Bone bricks / Rebuilding bodies

Words by Tom Howorth

Image by Jill Jennings

A team of engineers at Manchester is developing a revolutionary Lego-like system in bone repair that could have a huge impact on the way health care is delivered in developing countries.

Think of small building bricks, and most of us would picture Lego, a toy with which we can assemble fun, imaginative structures. But a Manchester team is seeing a bigger picture – one where materials like these can save limbs.

‘Bone bricks’ is a project being led by biomaterials expert Professor Paulo Bartolo along with his colleagues Dr Glenn Cooper, Dr Andy Weightman and limb-injury expert Mr Amer Shoaib. The aim of the research is to develop a new method of treatment where a substantial length of bone has been lost from a limb.

This innovative project will target patients within the Syrian refugee community currently residing in Turkey. It’s hoped that this technique will provide a dramatically improved medical response (with lifelong benefits) to limb injuries in challenging environments such as crisis or combat situations. At the moment, amputation is unfortunately the most likely outcome in many of these cases.

Saving limbs and lives

The treatment uses medical scaffolds, made up of polymer and ceramic materials, which can be clicked together, creating a degradable structure that will allow new tissue to grow. 

“With many blast injuries, the bone defects are totally impossible to heal. What we will do is create a structure using bone bricks to fill the gap,” Professor Bartolo explains. 

“This structure will support the load like a normal bone, induce the formation of new bone and, during this process, the bone bricks will dissolve.”

Their vision for the project is for the bone bricks to be bespoke to each patient.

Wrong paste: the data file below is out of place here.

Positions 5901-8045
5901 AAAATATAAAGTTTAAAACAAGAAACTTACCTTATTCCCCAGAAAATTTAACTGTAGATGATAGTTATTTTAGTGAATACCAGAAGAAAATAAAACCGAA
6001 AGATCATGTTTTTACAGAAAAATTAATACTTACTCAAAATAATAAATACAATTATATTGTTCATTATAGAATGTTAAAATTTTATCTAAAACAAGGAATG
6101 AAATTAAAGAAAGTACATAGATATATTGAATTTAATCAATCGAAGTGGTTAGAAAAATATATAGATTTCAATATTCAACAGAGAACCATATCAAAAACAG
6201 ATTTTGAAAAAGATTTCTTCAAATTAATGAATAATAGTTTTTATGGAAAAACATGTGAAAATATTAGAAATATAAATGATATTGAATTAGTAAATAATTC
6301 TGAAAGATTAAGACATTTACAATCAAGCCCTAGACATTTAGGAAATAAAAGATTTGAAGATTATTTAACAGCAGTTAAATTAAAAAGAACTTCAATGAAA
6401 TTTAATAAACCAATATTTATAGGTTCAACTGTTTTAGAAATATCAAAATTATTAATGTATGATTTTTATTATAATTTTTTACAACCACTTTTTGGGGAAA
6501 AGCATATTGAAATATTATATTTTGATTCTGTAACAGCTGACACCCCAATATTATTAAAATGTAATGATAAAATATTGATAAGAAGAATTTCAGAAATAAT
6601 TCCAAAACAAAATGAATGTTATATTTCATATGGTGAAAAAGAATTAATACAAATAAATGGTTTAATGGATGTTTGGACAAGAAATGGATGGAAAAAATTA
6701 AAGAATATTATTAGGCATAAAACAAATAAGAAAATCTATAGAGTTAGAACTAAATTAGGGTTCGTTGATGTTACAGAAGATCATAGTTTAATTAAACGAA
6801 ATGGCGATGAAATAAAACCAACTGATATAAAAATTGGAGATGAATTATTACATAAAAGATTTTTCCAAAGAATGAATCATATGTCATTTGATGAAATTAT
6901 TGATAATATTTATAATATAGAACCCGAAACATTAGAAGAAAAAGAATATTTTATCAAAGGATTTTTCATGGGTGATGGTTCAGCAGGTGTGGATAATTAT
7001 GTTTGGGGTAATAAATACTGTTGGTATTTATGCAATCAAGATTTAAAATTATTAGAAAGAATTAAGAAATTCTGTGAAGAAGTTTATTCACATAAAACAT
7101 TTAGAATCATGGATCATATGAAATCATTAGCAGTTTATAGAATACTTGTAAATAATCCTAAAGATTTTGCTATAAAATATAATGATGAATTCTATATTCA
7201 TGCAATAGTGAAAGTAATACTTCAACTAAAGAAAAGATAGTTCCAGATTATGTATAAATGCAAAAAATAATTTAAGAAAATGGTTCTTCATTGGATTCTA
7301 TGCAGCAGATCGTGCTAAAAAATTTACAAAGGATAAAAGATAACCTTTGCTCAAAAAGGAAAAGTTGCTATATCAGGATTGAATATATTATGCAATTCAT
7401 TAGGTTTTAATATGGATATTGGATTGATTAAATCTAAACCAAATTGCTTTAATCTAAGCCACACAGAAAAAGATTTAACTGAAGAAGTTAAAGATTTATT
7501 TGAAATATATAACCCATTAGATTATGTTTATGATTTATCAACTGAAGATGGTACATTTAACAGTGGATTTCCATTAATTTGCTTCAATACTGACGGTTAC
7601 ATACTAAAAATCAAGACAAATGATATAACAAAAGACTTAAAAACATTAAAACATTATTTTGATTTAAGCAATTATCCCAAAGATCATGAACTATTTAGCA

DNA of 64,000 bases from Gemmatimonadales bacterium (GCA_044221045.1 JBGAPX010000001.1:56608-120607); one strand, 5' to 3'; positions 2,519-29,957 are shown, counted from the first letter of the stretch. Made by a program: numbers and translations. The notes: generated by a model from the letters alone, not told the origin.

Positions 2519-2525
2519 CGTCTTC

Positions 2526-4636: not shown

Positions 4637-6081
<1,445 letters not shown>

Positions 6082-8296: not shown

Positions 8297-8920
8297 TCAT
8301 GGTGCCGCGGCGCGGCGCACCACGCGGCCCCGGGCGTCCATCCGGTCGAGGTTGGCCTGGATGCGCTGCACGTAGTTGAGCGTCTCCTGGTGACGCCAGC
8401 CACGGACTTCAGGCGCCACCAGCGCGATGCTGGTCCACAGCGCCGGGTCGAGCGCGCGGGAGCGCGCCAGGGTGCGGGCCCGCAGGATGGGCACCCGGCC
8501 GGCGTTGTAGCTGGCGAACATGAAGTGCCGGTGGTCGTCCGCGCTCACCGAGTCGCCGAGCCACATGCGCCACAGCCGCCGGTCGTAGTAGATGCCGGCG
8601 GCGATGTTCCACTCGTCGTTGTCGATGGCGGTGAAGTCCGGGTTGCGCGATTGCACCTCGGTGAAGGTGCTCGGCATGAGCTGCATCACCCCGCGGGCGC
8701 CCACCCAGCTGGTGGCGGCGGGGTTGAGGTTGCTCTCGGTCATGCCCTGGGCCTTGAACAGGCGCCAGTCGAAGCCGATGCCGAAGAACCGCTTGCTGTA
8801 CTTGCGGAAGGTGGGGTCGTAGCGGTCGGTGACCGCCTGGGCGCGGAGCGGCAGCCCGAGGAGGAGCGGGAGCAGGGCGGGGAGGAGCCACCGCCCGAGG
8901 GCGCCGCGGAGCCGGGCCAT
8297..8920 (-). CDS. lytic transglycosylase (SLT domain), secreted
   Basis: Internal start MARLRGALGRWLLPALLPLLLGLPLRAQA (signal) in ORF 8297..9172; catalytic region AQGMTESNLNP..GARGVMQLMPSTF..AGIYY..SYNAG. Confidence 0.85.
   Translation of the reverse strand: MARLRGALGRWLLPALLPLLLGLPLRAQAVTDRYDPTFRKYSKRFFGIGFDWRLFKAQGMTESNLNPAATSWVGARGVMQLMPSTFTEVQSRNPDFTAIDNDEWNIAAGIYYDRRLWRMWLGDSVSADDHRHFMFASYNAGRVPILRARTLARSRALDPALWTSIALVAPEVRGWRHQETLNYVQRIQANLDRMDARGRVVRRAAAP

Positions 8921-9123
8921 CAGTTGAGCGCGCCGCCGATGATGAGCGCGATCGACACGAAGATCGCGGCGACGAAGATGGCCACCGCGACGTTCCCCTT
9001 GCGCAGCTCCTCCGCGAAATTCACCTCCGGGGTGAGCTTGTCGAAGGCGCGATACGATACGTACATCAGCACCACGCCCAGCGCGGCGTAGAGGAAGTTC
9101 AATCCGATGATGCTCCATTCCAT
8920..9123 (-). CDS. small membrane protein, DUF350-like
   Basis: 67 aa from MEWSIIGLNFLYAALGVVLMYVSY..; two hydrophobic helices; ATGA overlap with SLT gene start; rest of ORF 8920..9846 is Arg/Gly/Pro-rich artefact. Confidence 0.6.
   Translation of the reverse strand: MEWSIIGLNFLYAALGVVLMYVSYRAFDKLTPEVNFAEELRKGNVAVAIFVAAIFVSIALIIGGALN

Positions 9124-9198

“The idea is that the surgeon can open a bag of bricks and piece them together to fit that particular defect and promote the bone growth,” Dr Weightman says.

“We’ll develop software to allow the clinician, based on the information on the bone defect, to select the exact number of bone bricks with the specific shape and size and information on how to assemble.”

“Like Lego instructions!” Professor Bartolo and Dr Cooper add in unison.

The team are working in partnership with the University of Portsmouth and Sabanci University in Turkey, funded by the Engineering and Physical Sciences Research Council’s Global Challenges Research

A surgeon’s view

Mr Amer Shoaib is the clinical consultant on the project and is perfectly placed to provide advice and information required during the project’s development. Not only does he have the expertise as a limb injury expert working as a consultant orthopaedic surgeon at various hospitals in Greater Manchester, but he has vast experience as a volunteer at Syrian refugee camps in Turkey. 

“Sadly, there are frequent situations where amputation is needed. In the Syrian refugee camps, they do not have access to the same medical facilities we do,” Amer explains.

“The urgency with which we need to address this is much greater now. If you look at the way people were injured 100 years ago, 90% were the military and 10% were civilians. It’s now the other way around.”


Dr Cooper adds: “Amer is an amazing person. We are working with someone who’s seen these problems before and is on hand to deal with them. You never know when this type of research will be used.

“Unfortunately Manchester had a big problem with blast injuries as a result of the Manchester Arena attack in 2017. Amer was one of those operating on the victims. The kind of technology we’re developing would’ve been really helpful for those victims.

“That will be the long-term hope with the project – that bone bricks not only help in the refugee crisis but in lots of health care situations, both in developed and underdeveloped countries.”

Innovation through collaboration

In the short-term, Amer is intent on helping the project succeed in order to address this immediate clinical need.

“There are so many disabled people as a result of war and just to get one person back on their feet is the only motivation I need,” he explains.

“I’m immensely proud to be a part of this research and I’m really excited about its potential. It just shows what’s possible when a university and hospital work together, and there is so much scope for similar work to be done in the area of biomaterials which can have a direct impact on the way health care is administered in the developing world.”

The University of Manchester is committed to conducting world-leading research and addressing global inequalities. Bone bricks embodies both of these goals and, if it can lead to further development of emergency health care in the developing world, it could bring hope to a Syrian refugee community in dire need while their country rebuilds, brick by brick.

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